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Tiny Spies to Take Over the Skies

Four-and-a-half inch aircraft are providing a bird's-eye view of Iraq.

By Anne CasselmanJune 12, 2008 5:00 AM


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Big, unmanned spy planes, like the Predators flying over Iraq, have plenty of problems. For starters, they are expensive to build and operate. More important, some can be relatively easy to spot. Shrinking such planes so that they weigh less than two ounces would result in the perfect vehicle to get a bird’s-eye view of the terrain.

Of course, flying a craft as small as 4^1/2 inches wide comes with its own difficulties—the smaller the flyer, the more unstable and less energy efficient it becomes. To smooth the flight of such small planes, Peter Ifju, a professor of mechanical and aerospace engineering at the University of Florida, created a flexible wing (built onto the prototype plane at right) that can keep a steady course in the face of gusty winds. Inspired by the wings of bats, Ifju built a carbon fiber skeleton covered with a latex membrane that pacifies gusts by acting as a shock absorber.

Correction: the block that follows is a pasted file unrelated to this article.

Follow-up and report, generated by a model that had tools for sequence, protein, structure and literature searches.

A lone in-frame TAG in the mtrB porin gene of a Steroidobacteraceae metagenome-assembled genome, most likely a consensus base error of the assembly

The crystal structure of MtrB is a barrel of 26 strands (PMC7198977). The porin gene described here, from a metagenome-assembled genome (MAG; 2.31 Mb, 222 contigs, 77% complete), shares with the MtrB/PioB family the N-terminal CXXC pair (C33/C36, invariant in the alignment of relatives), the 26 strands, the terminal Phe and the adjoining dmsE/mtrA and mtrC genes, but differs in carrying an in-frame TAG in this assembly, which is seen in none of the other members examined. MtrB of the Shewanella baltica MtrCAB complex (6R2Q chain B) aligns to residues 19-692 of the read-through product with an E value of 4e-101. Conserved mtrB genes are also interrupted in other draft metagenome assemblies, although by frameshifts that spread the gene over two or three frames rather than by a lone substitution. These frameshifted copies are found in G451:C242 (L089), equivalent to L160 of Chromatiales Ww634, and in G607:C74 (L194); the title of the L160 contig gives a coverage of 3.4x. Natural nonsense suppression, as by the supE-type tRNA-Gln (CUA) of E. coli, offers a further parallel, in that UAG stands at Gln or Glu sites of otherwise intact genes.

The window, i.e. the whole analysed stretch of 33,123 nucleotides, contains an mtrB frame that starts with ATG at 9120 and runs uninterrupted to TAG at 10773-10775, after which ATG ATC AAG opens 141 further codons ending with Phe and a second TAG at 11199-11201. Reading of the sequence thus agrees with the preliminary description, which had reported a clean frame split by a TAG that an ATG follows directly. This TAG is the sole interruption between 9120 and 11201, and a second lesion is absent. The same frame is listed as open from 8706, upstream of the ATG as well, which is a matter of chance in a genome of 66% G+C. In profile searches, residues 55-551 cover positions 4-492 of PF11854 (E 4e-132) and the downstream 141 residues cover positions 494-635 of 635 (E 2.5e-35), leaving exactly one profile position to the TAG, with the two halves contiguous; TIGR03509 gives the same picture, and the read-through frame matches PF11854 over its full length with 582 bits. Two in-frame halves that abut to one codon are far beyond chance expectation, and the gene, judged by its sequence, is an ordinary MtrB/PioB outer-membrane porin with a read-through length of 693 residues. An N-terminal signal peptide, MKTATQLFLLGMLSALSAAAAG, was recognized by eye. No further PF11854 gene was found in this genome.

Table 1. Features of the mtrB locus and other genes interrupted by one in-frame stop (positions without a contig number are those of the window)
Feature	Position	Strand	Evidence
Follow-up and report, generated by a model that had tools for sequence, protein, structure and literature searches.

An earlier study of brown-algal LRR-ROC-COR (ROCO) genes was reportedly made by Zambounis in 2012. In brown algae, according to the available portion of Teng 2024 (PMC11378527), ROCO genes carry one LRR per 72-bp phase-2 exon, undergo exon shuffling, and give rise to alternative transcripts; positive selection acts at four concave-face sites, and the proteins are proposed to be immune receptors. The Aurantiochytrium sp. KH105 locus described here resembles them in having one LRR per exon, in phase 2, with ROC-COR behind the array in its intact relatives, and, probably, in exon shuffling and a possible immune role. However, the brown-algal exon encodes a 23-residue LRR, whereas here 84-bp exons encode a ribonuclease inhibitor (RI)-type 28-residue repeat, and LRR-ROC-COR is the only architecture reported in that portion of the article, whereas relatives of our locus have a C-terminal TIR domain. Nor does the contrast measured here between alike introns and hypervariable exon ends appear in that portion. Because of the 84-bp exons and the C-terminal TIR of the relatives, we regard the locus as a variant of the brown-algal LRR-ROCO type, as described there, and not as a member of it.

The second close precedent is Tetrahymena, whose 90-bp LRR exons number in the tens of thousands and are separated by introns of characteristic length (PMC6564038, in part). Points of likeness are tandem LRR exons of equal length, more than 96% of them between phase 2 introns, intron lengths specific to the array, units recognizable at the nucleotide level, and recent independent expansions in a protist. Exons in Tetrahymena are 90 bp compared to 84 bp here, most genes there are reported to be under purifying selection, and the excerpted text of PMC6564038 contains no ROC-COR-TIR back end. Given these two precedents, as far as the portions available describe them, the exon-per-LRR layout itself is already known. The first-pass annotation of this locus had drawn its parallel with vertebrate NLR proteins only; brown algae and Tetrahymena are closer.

The craft remains steady even on a windy day. The downside is a flight time of just 15 minutes before the battery must be recharged.

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